Ron Reagan has received quite a bit of media coverage for the claims in his new book that his father showed signs of Alzheimers during his first term in office.  Those claims have now led Barbara Walters to weigh in and in her opinion President Reagan was just fine during the numerous interviews she had with him over the years.

Walters spoke out on The View.

Ron, Jr.’s half-brother Michael said this is not true. This didn’t happen. I’m going to say something that I probably saw more of President Reagan in those years than either of his sons. He was not really close to them. And I did interview after interview. I didn’t see any signs of dementia or Alzheimer’s or whatever until after he left office. Now, this morning, Ron Reagan, who is a very pleasant fellow and I like him a lot, was on ‘GMA’ and he said – he sort of disputed what he said. He said I didn’t say that. I said exactly the opposite. I did not see symptoms of dementia or anything like that when he was in office. I wasn’t thinking, ‘Gee I’m seeing signs of Alzheimer’s here.’ So his half-brother says he said all of this because he’s trying to sell books.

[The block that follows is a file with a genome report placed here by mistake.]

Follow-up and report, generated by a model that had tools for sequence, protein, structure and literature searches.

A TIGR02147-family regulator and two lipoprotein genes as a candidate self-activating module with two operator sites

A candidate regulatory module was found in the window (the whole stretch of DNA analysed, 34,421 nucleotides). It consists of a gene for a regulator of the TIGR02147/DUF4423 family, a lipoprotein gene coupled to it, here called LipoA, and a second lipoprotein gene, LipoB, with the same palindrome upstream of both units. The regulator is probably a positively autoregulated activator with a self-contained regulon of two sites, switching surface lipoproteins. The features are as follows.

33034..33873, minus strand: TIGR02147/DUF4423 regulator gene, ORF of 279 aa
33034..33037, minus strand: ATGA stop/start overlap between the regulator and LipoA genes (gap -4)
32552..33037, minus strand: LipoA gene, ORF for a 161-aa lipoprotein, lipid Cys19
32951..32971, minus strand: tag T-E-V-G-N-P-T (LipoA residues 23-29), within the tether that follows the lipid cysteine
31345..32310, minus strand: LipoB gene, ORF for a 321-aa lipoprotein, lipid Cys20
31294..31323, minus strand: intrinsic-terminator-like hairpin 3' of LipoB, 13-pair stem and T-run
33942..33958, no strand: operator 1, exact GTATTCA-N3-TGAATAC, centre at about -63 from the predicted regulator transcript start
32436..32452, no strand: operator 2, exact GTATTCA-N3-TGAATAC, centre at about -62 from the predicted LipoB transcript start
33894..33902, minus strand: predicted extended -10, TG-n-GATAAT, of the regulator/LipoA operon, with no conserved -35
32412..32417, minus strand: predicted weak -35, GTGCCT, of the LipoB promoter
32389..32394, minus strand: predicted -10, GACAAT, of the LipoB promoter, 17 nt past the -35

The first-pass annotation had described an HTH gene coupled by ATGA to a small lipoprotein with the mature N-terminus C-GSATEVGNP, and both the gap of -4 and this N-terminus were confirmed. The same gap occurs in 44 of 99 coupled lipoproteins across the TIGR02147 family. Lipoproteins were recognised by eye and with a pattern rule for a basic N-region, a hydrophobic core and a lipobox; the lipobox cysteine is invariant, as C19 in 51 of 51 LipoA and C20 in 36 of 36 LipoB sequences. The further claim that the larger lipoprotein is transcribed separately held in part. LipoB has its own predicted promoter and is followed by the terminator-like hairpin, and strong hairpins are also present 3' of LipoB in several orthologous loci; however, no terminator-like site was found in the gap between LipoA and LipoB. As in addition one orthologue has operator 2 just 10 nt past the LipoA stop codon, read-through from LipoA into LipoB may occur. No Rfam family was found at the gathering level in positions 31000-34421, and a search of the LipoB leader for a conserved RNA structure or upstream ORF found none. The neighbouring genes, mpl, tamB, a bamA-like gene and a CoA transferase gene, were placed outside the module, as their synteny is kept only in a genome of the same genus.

Walters pointed out that she was the moderator during the famous debate with Walter Mondale in 1984 and said that he may have stumbled on occasion but he he held up well for the 1:40 minutes of the debate.

She also mentioned that she interviewed Reagan after he was shot and he seemed fine then as well.

Resident ulta-liberal Joy Behar chimed in that “the right wing has canonized the guy maybe they need to take another look at this.”

We would take another look Joy but there is nothing to look at.

Liberals like Behar have glommed onto Reagan’s assertions about his father though with the Alzheimer claim he has stepped into a slippery slope where neither side comes out a winner.

As the 100th anniversary of Reagan’s birth approaches (February 6)  the younger Reagan should have used this an an opportunity to celebrate the man rather than try and tarnish his legacy even if they didn’t agree with each other politically.

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